Smartwatch. From the word on all our lips to the watch on all our wrists? It's now undeniable that these low-power, wireless, embedded, wearable sensing systems will play a significant role in what’s to come. Sales are set to break the billion unit mark before 2020 is out—and it’s just the beginning. They’re (a big part of) the future and no one is better placed to capitalize on this than CSEM, with two decades of related research and development under its belt.
Reducing the amount of power devices use—and changing how they work together and integrate with one another—inspires much of CSEM’s innovation when it comes to microelectronics. For smartwatches to improve they need to be better at picking up or sensing things at the front end; a feature CSEM has a proven track record of making possible.
Another of the current stumbling blocks for smartwatches is their limited autonomy. CSEM is working to fix this—designing energy-harvesting solutions, such as flexible, thin-film silicon PV, to extend smartwatch self-sufficiency. Bringing together innovative sensing and processing technologies, CSEM has a strong and strategic IP portfolio in wearables.
With its roots in Swiss watchmaking and its wearable technology expertise, CSEM is geared to be a worldwide leader in smartwatch solutions. It also doesn’t hurt that we’ve partnered up with market success stories such as the developers of the revolutionary emergency Swiss watch, Limmex (www.limmex.com), or of the world’s most accurate optical heart rate monitor sports watch, the NOKIA spin-off PulseOn (www.pulseon.com). CSEM also led the development, with Icon Health and Fitness (www.ifit.com) and regional partners, of the soon to be released “iFit Executive”—a highly connected sports watch that can measure pulse rate while maintaining a classic Swiss look.
During CSEM’s November 2015 Business Day, Pascal Koenig, co-founder and CEO of Ava AG, and Jens Krauss, Vice-President of Systems at CSEM, led a discussion with industry experts about smartwatches and their potential impact on the Swiss watchmaking industry.
Pascal Koenig began his presentation with a historical look at the modern watch industry—from the first wristwatches, via the quartz revolution, to today’s smartwatches—illustrating in the process the extent to which the success of smartwatches has taken much of the industry by surprise. While industry leaders were quoted in 2013 and 2014 as being non-believers in the coming revolution, smartwatch sales revenues are moving from zero in 2010 to a predicted USD 117 billion by 2020. Koenig also highlighted that the four most important use cases are: 1) notifications for messaging, agendas, and maps, 2) health and fitness with integrated body sensors, 3) security, communicating directly with healthcare providers, and 4) payment options that could eventually replace credit cards.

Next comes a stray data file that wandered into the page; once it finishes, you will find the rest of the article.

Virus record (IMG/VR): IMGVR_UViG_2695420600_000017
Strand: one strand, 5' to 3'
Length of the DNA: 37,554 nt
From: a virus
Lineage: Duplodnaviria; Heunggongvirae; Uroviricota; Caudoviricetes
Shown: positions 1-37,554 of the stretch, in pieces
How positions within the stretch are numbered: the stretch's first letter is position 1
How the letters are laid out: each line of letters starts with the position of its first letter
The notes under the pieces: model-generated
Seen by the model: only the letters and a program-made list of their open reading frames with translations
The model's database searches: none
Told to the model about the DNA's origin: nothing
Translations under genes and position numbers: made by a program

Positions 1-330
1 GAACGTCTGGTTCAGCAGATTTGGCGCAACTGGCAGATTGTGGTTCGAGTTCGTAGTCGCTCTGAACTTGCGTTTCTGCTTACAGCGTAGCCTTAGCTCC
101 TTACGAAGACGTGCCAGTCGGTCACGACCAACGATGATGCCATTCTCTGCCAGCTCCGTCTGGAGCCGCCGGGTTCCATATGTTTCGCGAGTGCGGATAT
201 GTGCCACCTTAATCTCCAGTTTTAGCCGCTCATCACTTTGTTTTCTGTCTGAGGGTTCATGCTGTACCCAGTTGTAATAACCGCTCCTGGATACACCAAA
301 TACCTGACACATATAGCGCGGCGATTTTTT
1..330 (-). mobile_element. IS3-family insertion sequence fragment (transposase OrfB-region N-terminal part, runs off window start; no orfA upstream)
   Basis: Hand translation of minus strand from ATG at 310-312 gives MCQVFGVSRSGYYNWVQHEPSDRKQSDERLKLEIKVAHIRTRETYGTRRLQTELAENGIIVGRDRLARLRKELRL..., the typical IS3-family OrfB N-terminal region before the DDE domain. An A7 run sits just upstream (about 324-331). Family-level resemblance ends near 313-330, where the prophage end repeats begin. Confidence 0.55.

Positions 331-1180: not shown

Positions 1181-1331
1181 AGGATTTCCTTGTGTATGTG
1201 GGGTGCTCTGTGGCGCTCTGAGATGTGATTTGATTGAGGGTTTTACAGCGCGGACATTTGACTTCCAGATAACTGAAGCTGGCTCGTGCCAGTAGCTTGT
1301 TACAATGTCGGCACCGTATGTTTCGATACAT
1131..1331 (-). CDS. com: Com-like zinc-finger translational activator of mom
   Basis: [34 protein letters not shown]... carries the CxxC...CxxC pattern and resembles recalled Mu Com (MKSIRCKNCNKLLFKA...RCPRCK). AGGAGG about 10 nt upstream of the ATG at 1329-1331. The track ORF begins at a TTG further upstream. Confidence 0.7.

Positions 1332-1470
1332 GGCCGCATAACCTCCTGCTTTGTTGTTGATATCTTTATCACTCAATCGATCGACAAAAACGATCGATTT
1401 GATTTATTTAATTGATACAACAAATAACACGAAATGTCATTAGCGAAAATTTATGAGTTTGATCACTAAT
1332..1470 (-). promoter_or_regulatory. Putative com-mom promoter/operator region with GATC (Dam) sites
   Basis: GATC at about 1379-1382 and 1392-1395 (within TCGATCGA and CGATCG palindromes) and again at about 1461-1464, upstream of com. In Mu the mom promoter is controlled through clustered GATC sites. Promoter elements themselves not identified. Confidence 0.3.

Jens Krauss introduced the wide range of technologies that are either adapted to or specifically designed for the smartwatch domain: antennae, speakers, sensors, touch displays, and communication—a world away from traditional watch manufacturing, but not an insurmountable challenge for a Swiss industry with solutions in microelectronics and low-power devices already well developed. And while the combination of technologies necessary to create attractive and efficient smartwatches already exists, room for improvement in energy autonomy, application ecosystems, data storage, and manufacturing quality are all excellent opportunities for development in key sectors where Swiss industry is active or has room to expand.
In the discussion that followed the two presentations, it was agreed that the all-important killer app for the smartwatch domain has yet to be found, and that the industry is still in its infancy. And if companies are to successfully address the smartwatch market, there will need to be a level of collaboration between software companies, network providers, and watchmakers that goes beyond anything currently in place.
One of the big questions raised during many of the afternoon’s discussions and across most of the subjects addressed at this first CSEM Business Day was the security of data. And the discussion on connected watch was no exception, and for obvious reasons: many smartwatches—including those developed at CSEM—also deal with health data. So who will own this data and what could it be used for beyond personal use, especially in the future?
The question of how to develop an easy to adopt platform also raises the all important issue of hardware/software integration for all connected objects. While Switzerland is well positioned to address hardware questions—especially extreme miniaturization and ultra-low-power devices—Swiss industry has yet to develop the software capacities required for it to be a serious player in this sector. This point closely echoes similar concerns for Switzerland’s complicated role in the emerging market of the Internet of Things.
Could Swiss industry develop its own operating system that could rival Apple and others? If a Swiss company was to develop a successful and widely adopted user interface for smartwatches, this could simultaneously resolve many of the data privacy and hardware integration questions, thus providing a boost for the country’s watchmaking industry. Keep a lookout for that start-up!